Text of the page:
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Marl Soil

Marl Soil

Marl soil is common in low lying areas of the Everglades and is most common in Monroe and Miami-Dade Counties. It is rich in calcium. These areas have wet summers where the low lying areas will become flooded for months followed by several months of a dry winter.

While flooded, organic matter in the form of microalgae grows on the water. This will create a loam soil that sits on top of limestone bedrock Other plants also contribute to calcium content when the organic acids in their roots dissolve the limestone bedrock beneath the marl which increases the concentration of calcium.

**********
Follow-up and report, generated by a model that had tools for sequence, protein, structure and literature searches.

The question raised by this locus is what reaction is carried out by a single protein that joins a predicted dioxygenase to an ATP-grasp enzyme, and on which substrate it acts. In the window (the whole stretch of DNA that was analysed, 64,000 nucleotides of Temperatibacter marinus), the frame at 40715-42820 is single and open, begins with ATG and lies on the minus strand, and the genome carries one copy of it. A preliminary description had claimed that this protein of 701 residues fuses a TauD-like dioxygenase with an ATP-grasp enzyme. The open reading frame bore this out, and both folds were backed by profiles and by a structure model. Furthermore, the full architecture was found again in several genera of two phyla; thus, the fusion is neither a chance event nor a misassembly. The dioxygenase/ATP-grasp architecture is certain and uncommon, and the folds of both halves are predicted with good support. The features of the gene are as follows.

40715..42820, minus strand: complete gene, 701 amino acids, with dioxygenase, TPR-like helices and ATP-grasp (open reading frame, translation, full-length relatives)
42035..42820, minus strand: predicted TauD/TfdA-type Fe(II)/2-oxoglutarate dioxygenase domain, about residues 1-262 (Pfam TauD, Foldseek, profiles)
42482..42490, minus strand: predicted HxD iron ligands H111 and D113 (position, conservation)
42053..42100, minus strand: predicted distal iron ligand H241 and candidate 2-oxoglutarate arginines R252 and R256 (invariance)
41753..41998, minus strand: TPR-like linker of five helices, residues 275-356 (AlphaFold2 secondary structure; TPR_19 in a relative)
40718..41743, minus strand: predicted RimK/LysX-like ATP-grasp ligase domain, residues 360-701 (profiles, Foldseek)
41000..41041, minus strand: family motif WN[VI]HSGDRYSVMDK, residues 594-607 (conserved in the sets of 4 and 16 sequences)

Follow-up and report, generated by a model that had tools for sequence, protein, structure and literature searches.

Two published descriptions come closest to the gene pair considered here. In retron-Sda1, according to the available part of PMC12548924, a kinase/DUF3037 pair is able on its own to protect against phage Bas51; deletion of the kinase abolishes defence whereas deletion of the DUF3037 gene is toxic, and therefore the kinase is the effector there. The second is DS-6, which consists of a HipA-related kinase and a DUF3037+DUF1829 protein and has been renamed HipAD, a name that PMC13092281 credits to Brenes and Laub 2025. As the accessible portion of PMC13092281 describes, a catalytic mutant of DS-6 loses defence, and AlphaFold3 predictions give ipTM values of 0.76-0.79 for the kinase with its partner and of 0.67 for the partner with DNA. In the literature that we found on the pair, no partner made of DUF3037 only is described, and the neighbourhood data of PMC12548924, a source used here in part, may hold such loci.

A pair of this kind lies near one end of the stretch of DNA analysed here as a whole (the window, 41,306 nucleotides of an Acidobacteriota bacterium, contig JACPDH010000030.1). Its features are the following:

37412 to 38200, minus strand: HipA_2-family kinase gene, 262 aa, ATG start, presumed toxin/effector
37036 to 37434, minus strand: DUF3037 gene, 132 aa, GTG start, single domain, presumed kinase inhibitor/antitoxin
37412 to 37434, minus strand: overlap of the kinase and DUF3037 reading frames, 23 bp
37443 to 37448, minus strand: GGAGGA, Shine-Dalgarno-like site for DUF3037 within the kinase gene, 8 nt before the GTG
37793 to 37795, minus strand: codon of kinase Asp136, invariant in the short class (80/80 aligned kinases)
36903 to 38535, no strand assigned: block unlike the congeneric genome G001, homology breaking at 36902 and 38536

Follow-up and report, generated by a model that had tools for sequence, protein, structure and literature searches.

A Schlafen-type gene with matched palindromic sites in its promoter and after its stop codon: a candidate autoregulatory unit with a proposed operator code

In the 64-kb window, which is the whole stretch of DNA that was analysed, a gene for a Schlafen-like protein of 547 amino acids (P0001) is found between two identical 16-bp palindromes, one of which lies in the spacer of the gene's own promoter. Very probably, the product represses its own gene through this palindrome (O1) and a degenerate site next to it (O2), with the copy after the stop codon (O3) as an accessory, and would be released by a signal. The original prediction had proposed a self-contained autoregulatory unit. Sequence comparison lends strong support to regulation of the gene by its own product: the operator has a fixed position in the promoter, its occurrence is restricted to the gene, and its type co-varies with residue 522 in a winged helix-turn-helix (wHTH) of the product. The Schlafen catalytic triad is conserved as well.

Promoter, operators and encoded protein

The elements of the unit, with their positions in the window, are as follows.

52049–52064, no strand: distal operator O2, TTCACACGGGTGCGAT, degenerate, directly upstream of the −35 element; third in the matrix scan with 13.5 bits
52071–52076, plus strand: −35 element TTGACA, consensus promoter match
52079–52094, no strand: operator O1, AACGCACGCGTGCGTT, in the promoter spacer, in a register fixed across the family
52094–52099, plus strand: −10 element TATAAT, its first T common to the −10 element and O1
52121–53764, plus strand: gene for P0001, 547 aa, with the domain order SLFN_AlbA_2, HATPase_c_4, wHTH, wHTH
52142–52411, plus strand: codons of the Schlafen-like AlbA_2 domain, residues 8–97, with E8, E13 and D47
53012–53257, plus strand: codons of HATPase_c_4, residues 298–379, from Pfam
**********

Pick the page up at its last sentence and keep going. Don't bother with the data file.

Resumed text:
Marl soil has poor drainage. Grasses such as sawgrass, sedge, reeds, mimosa, buttonwood, and black mangrove will grow in these low lying areas. The American crocodile will dig a hole in marl soil to lay eggs.

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